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Three Rivers Race with ‘Catsnip’: 2023 – 2024

East Coast OGA Member, Dan Stoker reports on taking part in this 24-hour race on the Norfolk Broads.

I first took part in the Three Rivers Race (3RR) in 2019, crewing on the Wivenhoe One Design, ‘Elise’ with fellow member of Wivenhoe Sailing Club, Rob Maloney. During lockdown my father and I became the proud owners of ‘Catsnip’. ‘Better to have started and not finish, than to not enter at all’ I remembered from 2019 and we entered ‘Catsnip’ for the 2023 Three Rivers Race (3RR).

Arriving in Horning a day early, a quick shakedown sail confirmed we could indeed sail on the Broads despite the lack of a jib. However, there was still the nervousness of whether we’d actually fit under Potter Heigham Bridge. With a crew of three we set off in the ‘production cruiser’ class, a mix of trailer sailors and other cruisers. There was sufficient wind, a northeasterly F3 meaning we managed both legs on the way down from Horning, as we had done in 2019. So far, so good. Arriving at Acle Bridge we quickly dropped sail and lowered the mast, then it was canoe paddles out and off under the bridge. A moment later, up with the mast and sail we carried on our way. This was all completed without needing to moor up. It was encouraging to pass six or seven boats in the process, more than we’d managed throughout the day. Another hour or so and we made it round the mark at Stracey and could begin the long beat north to Potter Heigham. 

Despite being helped by the flood tide it took some time. Thousands of tacks later it was dark when we reached the bridge. There was only one way to find out if we’d fit. We dropped the mast, lined ourselves up and paddled nervously at the centre of the arch. It looked close, and it was close, but we made it through with maybe three inches to spare. The night sail continued towards across Hickling Broad reaching the turning mark in the early hours under moonlight with the booming of bitterns. Here you’re required to drop a token into a basket attached to the buoy, proving you made it. With all the marks now ticked off we began the long slow sail back to Horning. Helped by the ebb and eventually assisted by the new flood, we crossed the finish line after 22 hours and 21 minutes. After enjoying the infamous competitors’ breakfast cooked throughout the night by Horning Sailing Club volunteers, we went for a much needed nap.

Success on our first attempt with ‘Catsnip’ and just the general sense of achievement and adventure meant that we would have to come back for the June 2024 edition. With different tides and a very windy forecast, northerly F5 and gusting even more with the expectation of an all night race, we needed new strategies. There was Plan A, B, C and even D. Starting off reefed and with twice as many in our class as 2023, off we went again. This time we ignored the legs and headed straight for the lower Bure mark, making good time despite a rather epic wipeout following a gybe that pinned us in the reeds for a short while. Progress north was a bit more of a challenge. Short tacking a reefed Catboat in 30kt gusts on a river that is less than 40ft wide in many places is not easy. The focus was more on making enough way across the river to get through the next tack than it was to try and sail as close as possible to the wind with the risk getting caught in irons. There were a few tricky moments when faster and larger overtaking boats failed to account for our limited ability to manoeuvre in the narrow stretches. This cost us time as we were forced to take avoiding action, sometimes resulting in visits for both boats to the reeds. We continued north, helped by the tide and made it to Potter Heigham in the early evening, knowing that we’d fit under the bridge this time. We sailed and paddled through the bridges to Hickling Broad. This resembled more of a raging sea than an inland broad, reminding us of the OGA60 Jubilee Race in August 2023.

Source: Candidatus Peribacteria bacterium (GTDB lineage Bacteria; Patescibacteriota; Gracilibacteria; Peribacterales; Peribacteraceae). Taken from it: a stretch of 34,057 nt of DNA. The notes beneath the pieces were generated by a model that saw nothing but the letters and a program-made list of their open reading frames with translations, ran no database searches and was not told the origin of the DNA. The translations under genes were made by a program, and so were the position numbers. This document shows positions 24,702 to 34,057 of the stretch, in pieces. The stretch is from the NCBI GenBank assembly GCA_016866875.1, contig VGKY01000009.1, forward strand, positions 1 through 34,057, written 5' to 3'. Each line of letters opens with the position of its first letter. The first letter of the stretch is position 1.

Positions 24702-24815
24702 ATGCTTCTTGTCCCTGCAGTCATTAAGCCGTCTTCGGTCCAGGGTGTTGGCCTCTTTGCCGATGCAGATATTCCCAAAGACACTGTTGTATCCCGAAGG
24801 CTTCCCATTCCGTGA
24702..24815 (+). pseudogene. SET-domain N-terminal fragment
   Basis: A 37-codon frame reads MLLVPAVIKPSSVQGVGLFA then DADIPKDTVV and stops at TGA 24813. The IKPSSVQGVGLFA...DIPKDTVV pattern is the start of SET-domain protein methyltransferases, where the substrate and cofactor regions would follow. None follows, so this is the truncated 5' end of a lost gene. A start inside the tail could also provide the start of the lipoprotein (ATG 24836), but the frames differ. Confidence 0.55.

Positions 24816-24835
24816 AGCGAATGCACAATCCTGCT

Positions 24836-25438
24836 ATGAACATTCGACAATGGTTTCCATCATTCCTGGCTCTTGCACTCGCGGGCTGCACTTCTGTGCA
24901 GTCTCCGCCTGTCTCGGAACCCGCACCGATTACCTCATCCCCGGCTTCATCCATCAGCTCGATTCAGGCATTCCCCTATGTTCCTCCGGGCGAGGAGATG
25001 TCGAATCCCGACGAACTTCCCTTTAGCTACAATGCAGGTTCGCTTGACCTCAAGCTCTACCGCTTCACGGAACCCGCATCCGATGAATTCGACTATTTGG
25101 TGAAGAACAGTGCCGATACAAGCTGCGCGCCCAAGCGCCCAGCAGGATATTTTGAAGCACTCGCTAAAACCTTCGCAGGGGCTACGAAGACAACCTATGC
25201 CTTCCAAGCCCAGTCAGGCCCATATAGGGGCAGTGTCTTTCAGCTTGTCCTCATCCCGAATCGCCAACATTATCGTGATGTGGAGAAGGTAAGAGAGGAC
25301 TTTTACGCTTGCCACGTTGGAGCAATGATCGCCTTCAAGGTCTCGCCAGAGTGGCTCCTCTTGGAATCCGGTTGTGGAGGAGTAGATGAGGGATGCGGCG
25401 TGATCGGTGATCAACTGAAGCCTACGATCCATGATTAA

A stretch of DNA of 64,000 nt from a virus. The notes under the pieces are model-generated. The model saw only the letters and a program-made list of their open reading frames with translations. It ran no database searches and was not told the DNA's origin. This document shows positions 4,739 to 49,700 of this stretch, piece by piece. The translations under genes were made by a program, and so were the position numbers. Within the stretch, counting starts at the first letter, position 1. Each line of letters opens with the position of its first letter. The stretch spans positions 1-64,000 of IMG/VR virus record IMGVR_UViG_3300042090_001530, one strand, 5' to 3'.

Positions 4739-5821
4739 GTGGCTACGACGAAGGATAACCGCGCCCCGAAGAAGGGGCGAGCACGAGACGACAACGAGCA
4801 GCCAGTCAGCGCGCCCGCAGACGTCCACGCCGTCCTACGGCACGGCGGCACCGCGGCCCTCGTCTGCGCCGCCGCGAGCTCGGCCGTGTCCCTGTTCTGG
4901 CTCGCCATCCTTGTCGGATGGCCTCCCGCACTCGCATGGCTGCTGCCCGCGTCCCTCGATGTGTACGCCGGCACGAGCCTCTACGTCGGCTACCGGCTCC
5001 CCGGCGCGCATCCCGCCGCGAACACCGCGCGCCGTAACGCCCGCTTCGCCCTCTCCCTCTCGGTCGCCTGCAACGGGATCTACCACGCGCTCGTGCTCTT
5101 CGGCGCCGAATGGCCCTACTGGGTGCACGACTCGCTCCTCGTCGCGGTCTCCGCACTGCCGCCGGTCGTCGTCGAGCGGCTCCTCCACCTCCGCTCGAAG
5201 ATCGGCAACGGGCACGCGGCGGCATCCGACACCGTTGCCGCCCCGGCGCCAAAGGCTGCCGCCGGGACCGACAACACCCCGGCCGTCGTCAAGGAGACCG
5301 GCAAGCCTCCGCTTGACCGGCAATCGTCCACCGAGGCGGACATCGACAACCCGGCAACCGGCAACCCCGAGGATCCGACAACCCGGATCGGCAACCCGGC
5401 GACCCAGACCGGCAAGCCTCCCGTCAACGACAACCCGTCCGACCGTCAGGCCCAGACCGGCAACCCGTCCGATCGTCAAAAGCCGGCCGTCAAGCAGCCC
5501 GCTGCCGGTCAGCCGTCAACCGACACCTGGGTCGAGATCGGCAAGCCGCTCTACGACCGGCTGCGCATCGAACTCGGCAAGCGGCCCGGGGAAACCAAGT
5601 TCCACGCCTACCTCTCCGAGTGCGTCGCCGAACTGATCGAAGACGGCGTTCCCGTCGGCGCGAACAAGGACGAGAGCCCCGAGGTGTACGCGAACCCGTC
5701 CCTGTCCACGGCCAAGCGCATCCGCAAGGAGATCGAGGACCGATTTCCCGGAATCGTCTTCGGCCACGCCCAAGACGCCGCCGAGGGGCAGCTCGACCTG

After rounding the mark, a forecast of wind through the night and just two legs to do, excitement was high. We were maybe 3-4 hours ahead of our 2023 race but the 3RR wasn’t done with us yet. Despite the forecast the wind changed its mind and fizzled out just as we made our way down to South Walsham. It then left us on the edge of despair as we endured a three hours up and 10 minutes back leg on the River Ant to the final mark. With the prospect of an early return dashed and real threat of not even finishing, we were grateful that when dawn turned to day the wind picked up just enough. We began to make progress on the final stretch to the finish, crossing the line amid cheers fro, everyone at Horning Sailing Club in 21 hours 53 minutes, 20 minutes ahead of our previous time. It turns out only one other made it back after us. With all the wind on Saturday over half the 120 starters had already retired. For ‘Catsnip’, it was another 3RR in the bag and another adventure for her weary crew. Time for that breakfast.

I’d like to take this opportunity to thank all the volunteers at Horning Sailing Club who make the Three Rivers Race possible every year. If you think you might have a suitable boat for the race or might be able to modify your boat to make it suitable, then go on . . . give it go! Find out more at the 3RR event website

Daniel Stoker, OGA Member, East Coast Area

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